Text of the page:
Namibia: Stigma a Setback to Efforts to Contain HIV

6 December 2018

Oshivelo — The councillor of Nehale Lya Mpingana, Leevi Reinholdt, is of the view that if stigma and discrimination is not addressed urgently among communities, it will erode the efforts made so far to fight and ensure many people get tested for HIV/AIDs.

Men, he observed, were mostly the ones suffering the most from stigma, as they are not forthcoming to conduct HIV testing, compared to their female counterparts.

"I would therefore like to encourage men to be proactive and take a leading role in the fight against HIV/AIDs," stressed Reinholdt.

Equally, he noted, women were also at an increased risk of contracting HIV due to poverty, social and harmful cultural practices, as well as the lack of education.

"I therefore implore girls and young women to utilise the recently launched 'DREAMS' project-whose goal is to help girls develop into determined, resilient, empowered, Aids free, mentored and safe women. This project aims at preventing HIV incidences among adolescent girls and young women between the ages of 10 and 24 years," added Reinholdt.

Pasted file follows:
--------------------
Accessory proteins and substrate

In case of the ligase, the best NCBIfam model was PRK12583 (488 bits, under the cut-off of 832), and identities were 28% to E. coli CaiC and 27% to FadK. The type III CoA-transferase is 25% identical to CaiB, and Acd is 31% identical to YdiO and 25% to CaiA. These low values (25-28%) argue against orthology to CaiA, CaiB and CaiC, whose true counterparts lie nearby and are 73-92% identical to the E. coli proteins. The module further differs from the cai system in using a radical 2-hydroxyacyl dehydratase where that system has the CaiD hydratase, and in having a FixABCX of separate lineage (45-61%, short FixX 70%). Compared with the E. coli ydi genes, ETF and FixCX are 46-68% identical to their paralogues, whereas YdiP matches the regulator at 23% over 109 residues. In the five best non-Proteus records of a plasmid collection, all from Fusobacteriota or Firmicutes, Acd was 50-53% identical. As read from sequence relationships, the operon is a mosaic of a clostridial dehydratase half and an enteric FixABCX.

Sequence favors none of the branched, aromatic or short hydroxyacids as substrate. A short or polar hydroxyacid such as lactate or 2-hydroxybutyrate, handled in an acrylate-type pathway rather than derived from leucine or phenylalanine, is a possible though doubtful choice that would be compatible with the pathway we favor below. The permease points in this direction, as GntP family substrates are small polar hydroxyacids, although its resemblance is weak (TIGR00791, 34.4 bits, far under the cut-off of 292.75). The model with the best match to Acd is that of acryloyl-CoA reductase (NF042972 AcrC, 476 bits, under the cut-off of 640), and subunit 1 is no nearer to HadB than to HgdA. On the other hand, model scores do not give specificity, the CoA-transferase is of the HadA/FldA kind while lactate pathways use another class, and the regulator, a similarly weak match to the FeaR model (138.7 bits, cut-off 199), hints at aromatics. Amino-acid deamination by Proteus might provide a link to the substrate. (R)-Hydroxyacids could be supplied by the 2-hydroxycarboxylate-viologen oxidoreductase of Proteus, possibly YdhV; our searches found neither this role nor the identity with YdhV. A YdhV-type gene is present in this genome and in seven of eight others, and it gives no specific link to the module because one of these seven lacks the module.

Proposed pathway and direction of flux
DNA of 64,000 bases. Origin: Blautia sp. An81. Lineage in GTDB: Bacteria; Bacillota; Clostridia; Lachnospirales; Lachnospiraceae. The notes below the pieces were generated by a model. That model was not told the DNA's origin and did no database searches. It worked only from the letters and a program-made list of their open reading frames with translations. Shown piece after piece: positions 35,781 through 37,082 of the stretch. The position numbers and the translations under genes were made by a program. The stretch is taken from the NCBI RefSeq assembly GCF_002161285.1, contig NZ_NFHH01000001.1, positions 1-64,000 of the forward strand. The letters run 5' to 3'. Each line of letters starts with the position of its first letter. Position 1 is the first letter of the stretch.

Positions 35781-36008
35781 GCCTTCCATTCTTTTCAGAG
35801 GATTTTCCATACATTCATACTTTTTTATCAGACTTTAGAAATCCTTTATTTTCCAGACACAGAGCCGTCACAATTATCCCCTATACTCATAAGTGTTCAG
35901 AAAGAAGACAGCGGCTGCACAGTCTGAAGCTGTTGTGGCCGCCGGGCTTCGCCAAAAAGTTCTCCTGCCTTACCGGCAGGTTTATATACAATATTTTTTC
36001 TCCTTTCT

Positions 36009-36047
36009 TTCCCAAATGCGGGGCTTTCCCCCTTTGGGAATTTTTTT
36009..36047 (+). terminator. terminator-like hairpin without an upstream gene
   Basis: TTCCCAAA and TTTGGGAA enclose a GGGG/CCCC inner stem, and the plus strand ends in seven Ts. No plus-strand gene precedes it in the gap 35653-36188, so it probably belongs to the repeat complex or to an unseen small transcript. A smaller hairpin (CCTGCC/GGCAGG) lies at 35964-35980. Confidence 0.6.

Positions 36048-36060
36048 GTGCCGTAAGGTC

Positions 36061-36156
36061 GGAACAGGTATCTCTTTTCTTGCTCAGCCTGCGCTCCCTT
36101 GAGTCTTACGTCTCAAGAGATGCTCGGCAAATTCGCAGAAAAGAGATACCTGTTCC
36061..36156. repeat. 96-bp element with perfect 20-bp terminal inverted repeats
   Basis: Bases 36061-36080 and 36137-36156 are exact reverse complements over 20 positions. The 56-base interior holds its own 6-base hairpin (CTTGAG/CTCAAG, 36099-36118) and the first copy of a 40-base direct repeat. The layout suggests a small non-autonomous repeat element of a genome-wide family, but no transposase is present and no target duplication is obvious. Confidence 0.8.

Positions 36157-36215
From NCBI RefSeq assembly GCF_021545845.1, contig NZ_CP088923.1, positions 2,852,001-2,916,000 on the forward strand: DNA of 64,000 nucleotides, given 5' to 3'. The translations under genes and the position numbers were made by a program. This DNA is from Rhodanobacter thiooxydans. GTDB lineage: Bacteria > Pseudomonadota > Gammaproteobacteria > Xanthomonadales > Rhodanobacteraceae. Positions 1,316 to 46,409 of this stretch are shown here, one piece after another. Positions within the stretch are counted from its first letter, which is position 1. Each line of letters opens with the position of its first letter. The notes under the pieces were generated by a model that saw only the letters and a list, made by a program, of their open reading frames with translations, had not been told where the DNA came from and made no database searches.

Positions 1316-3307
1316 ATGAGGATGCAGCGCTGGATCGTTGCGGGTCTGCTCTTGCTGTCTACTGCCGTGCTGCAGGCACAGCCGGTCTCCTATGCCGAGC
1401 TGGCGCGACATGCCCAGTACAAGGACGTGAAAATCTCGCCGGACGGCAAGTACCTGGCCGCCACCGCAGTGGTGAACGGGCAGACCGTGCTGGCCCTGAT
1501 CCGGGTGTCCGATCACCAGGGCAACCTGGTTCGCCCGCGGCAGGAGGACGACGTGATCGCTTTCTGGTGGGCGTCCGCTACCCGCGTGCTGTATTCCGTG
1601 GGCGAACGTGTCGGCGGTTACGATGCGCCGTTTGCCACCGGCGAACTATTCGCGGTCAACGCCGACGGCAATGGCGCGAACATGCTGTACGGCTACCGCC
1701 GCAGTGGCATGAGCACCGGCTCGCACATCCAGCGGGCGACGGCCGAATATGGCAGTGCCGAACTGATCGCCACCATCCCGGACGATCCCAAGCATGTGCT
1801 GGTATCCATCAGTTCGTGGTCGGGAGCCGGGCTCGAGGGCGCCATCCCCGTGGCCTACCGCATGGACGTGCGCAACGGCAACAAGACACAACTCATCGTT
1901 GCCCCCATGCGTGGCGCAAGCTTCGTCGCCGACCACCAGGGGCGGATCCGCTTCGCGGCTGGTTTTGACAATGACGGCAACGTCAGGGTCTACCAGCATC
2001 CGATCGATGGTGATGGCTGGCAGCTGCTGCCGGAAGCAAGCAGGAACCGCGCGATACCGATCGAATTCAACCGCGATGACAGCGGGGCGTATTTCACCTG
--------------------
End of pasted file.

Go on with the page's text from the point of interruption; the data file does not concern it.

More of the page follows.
The councillor of Nehale constituency made these remarks at the belated World Aids Day held at Oshivelo, where he announced that the Tsumeb district has an HIV prevalence of 14.5 percent-with a total of 3547 patients who are on treatment.

"Testing Positive for HIV enables one to have access to HIV prevention services, such as the voluntary male circumcision, Pre Exposure Prophylaxis (Prep), and health education on how to protect and remain negative," he stated on the benefits of getting tested.

Furthermore, he appealed to the community to work together to eliminate the risk factors that contribute to both teenage pregnancy and HIV infection. He cited peer pressure, poverty, substance abuse, and reluctance of parents to discuss sexual topics with the children as major contributors to HIV.

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